Anyway, the tech was wonderful. She made Emily feel more at ease, and she explained everything very well. She took gauze and soaked it in a solution made to produce sweat, then she wrapped the arms, put electrodes on them for five minutes per side and wrapped them in ace bandages. Em grabbed the tablet and watched "My Little Pony" for the majority of the time. When we finished there it was already after 10:30. We walked down to the fourth floor to let them know that we may be late. I'm so glad that we did! Emily hadn't eaten yet, and we still had to get to the ENT for eleven. I stole a few minutes and grabbed her some chicken from Wendy's. The wait was interminable!
We actually made it to the ENT on time. I don't know how considering that we had to wait for valet to bring the van. (Using valet is so much easier than walking for blocks with a hurting, tired child and a bunch of stuff that you need.) I had thought that we were in the home stretch. We would have been, but the ENT was running about forty-five minutes late.

thought that I knew how this appointment would go. I was not expecting to see so much inflammation still on her CT. Her right side is nice and clear. The left side remains all swollen and shady. The doctor can't say for sure that it's mucus. What they do know is that it is inflamed. They decided not to worry about treating it right now because she has not displayed any symptoms of a sinus infection. Of course, they didn't have the results yet from the Cystic Fibrosis test. I am assuming that will be negative.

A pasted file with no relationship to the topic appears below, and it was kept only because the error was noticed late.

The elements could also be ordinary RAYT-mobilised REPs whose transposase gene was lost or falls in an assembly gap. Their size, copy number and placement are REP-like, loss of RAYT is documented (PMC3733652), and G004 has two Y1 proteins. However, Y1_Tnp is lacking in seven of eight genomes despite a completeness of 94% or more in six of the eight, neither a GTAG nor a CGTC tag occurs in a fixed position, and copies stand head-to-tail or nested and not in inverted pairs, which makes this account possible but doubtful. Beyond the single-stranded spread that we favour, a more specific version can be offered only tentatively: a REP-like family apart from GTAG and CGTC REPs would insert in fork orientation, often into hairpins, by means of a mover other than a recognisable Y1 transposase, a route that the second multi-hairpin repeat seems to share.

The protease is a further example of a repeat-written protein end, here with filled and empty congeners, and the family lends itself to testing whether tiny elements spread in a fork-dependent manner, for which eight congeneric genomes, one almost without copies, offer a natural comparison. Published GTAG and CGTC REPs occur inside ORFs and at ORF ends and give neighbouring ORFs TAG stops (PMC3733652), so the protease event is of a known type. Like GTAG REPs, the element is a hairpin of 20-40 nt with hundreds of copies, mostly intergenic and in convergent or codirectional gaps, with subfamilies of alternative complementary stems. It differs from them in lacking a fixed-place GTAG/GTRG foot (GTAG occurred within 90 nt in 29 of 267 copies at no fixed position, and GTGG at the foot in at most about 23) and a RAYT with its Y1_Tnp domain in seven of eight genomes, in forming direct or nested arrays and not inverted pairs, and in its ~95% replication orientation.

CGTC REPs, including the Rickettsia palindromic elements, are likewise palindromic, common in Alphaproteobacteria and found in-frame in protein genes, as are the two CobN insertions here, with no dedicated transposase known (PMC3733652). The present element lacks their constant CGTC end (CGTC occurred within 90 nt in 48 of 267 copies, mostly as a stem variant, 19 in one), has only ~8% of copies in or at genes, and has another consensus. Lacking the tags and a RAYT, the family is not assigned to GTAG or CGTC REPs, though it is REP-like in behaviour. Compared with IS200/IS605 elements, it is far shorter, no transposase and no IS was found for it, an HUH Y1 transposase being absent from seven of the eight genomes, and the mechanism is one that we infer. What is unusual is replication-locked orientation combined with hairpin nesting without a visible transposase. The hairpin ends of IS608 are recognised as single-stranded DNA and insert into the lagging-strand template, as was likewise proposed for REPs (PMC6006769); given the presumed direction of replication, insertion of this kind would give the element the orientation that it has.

We did not get back to the hospital until one P.M.   I could not believe that we were so late! I was very thankful that I let them know that we may be held up. Shortly after arriving we met up with an advocate who works for a company that works closely with our insurance company. She asked me a ton of questions, and she told me that she will try to get us whatever help she can. Her job is to help get medicine and equipment approved, help to find resources, programs, clinical trials, and things of that nature. She flew in just to meet with me for about an hour. I was very impressed. We are going to work on getting a hospital bed approved!  What a blessing this service is.  And she was wonderful!